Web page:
Two of the special detainees in Hut C, Captain Roger Byles and Captain Alex Overstrand, had previously uttered threats to lynch Coutoules. However, their immediate problem of Hut C and Colonel Baird, head of the Escape Committee, is how to tackle the problem of a dead man cluttering the best tunnel they had. So they decide to dump the body in a smaller tunnel, located in Hut A, that had been "allotted low priority by the Escape Committee" and stage a roof collapse there, but how they move the body from one hut to another, under the nose of the guards, is one of my favorite and funniest scenes of the entire story – something of a cross between 'Allo, 'Allo (war-time setting) and Fawlty Towers (the episode Kipper and the Corpse, 1979).
You occasionally get these brief burst of typical British humor. Such as when some of the prisoners are preparing a stage-play and they pick one in which one of the characters, rapturously, exclaims "Italy! Oh, it's hard to take in even the bare possibility of going there. My promised land, Doctor, which I never thought to see otherwise than in dreams." Needless to say, that line brought the house down.
But, on a whole, the story-telling tends to be serious in tone, because the myriad of (potential) problems facing the POWs of Campo 127 are no laughing matter.
The events at the POW camp take place against the backdrop of the impending invasions of Sicily and the Italian mainland by Allies, eventually culminating in the disposal of Benito Mussolini, but the consequences of an Allied victory in Italy is a double-edged knife for both parties at the camp. On the one hand, the POWs fully realize the Germans aren't going to set free the sixty thousand prisoners in Italy and that, one day, they could simply find themselves being put on a train "to Krautland." On the other hand, the card-carrying members of the Fascist Party, such as Captain Benucci and the sinister Mordaci of the Carabinieri Reali, know they'll be put in front of a military tribunal when the Allies arrive – which would probably end with them having to face a firing squad.
So the inexplicable death of Coutoules and the accompanying cloud of suspicions does very little to improve the slightly strained situation at the camp, but the situation becomes rather serious when Captain Byles is charged by Benucci with the murder of the Greek POW and is placed in solitary confinement – condemned to die in several days time. Captain "Cuckoo" Goyles is asked by the Escape Committee to investigate who killed Coutoules, why and where. And, most importantly, how his body ended up in the tunnel.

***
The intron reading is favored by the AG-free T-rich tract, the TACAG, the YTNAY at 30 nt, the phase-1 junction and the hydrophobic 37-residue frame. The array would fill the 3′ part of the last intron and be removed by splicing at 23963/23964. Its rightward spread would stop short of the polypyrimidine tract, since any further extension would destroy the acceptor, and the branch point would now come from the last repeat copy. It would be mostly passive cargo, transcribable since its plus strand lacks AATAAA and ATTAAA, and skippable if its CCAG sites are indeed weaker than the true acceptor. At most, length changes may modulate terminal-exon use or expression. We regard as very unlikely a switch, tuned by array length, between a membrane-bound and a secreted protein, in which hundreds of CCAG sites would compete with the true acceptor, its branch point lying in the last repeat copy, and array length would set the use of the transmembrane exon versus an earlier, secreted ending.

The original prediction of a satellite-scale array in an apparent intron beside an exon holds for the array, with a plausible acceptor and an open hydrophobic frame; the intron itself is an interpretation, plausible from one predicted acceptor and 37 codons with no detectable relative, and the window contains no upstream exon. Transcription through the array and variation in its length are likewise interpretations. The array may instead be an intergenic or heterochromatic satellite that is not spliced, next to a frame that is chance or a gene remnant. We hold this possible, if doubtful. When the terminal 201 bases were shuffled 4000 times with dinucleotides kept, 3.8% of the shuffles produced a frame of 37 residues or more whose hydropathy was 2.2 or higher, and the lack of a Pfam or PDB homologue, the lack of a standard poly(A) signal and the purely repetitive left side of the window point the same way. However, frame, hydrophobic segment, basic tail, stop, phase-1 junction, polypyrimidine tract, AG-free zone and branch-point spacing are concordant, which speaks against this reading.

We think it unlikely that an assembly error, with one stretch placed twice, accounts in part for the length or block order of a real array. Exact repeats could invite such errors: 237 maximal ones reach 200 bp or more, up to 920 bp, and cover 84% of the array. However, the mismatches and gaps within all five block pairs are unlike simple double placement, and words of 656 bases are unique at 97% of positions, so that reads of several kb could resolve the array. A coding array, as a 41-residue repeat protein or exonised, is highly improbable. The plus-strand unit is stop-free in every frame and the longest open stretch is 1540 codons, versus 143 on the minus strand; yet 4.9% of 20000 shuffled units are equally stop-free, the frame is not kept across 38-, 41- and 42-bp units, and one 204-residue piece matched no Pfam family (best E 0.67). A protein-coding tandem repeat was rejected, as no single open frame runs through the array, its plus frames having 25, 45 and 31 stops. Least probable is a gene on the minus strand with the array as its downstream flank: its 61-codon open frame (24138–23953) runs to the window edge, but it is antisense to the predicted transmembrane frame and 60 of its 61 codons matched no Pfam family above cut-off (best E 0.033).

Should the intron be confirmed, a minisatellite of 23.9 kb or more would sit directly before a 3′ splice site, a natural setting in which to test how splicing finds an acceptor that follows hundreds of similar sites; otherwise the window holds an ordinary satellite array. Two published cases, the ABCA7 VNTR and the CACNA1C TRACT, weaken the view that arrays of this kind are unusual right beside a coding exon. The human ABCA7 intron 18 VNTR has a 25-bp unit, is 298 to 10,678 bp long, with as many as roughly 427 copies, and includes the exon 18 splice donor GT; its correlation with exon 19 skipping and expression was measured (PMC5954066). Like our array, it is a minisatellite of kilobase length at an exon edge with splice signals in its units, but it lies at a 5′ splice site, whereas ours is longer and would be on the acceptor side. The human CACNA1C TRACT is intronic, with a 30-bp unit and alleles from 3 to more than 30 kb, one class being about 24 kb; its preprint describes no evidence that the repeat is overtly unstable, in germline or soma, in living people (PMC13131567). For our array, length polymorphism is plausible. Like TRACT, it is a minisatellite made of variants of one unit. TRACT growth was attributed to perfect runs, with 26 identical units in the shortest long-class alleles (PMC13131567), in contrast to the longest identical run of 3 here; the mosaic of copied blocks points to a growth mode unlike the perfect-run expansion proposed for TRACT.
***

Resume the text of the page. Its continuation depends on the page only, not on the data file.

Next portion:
In my opinion, the explanation for the impossible appearance of a body in a hermetically sealed, air-tight and blocked tunnel is as simplistic and logical as it's original. A one-of-a-kind impossibility in a completely unique crime novel that performed a perfect juggling act with its detective story elements, thriller components and spy material. Gilbert never allowed one of those elements to overshadow the other, but neither were they diluted. They worked in perfect harmony with one another. For example, the clues that will help you solve the detective story elements are provided by some of the more gruesome, thriller-ish aspects of the plot. You'll know what I mean when you get to it.
The Danger Within is an impressive and perfect latticework of differing genres, which is what makes it impossible to pigeonhole the book, but the climax of the story is a fine piece of wartime fiction as the inmates of Campo 127 prepare themselves to make "The Great Crawl." A fitting end to this semi-autobiographical wartime crime story. An ending that fitted like the final piece of the puzzle that completed the whole picture of this marvelously clever and exciting story. I simply can't recommend this one enough.
I'll end this review by saying that re-reading The Danger Within has inspired me to finally airlift my other Gilbert titled from the snow-capped tops of Mt. To-Be-Read. I'm not sure which titles actually reside there, but I believe they were Close Quarters (1947), Death Has Deep Roots (1951) and The Killing of Katie Steelstock (1980). So you can look forward to a review of one of those titles in the hopefully not so distant future.
Finally, Kate at Cross Examining Crime and Mike of Only Detect also reviewed the book (here and here), while Sergio of Tipping My Fedora reviewed the 1959 movie based on the book (here).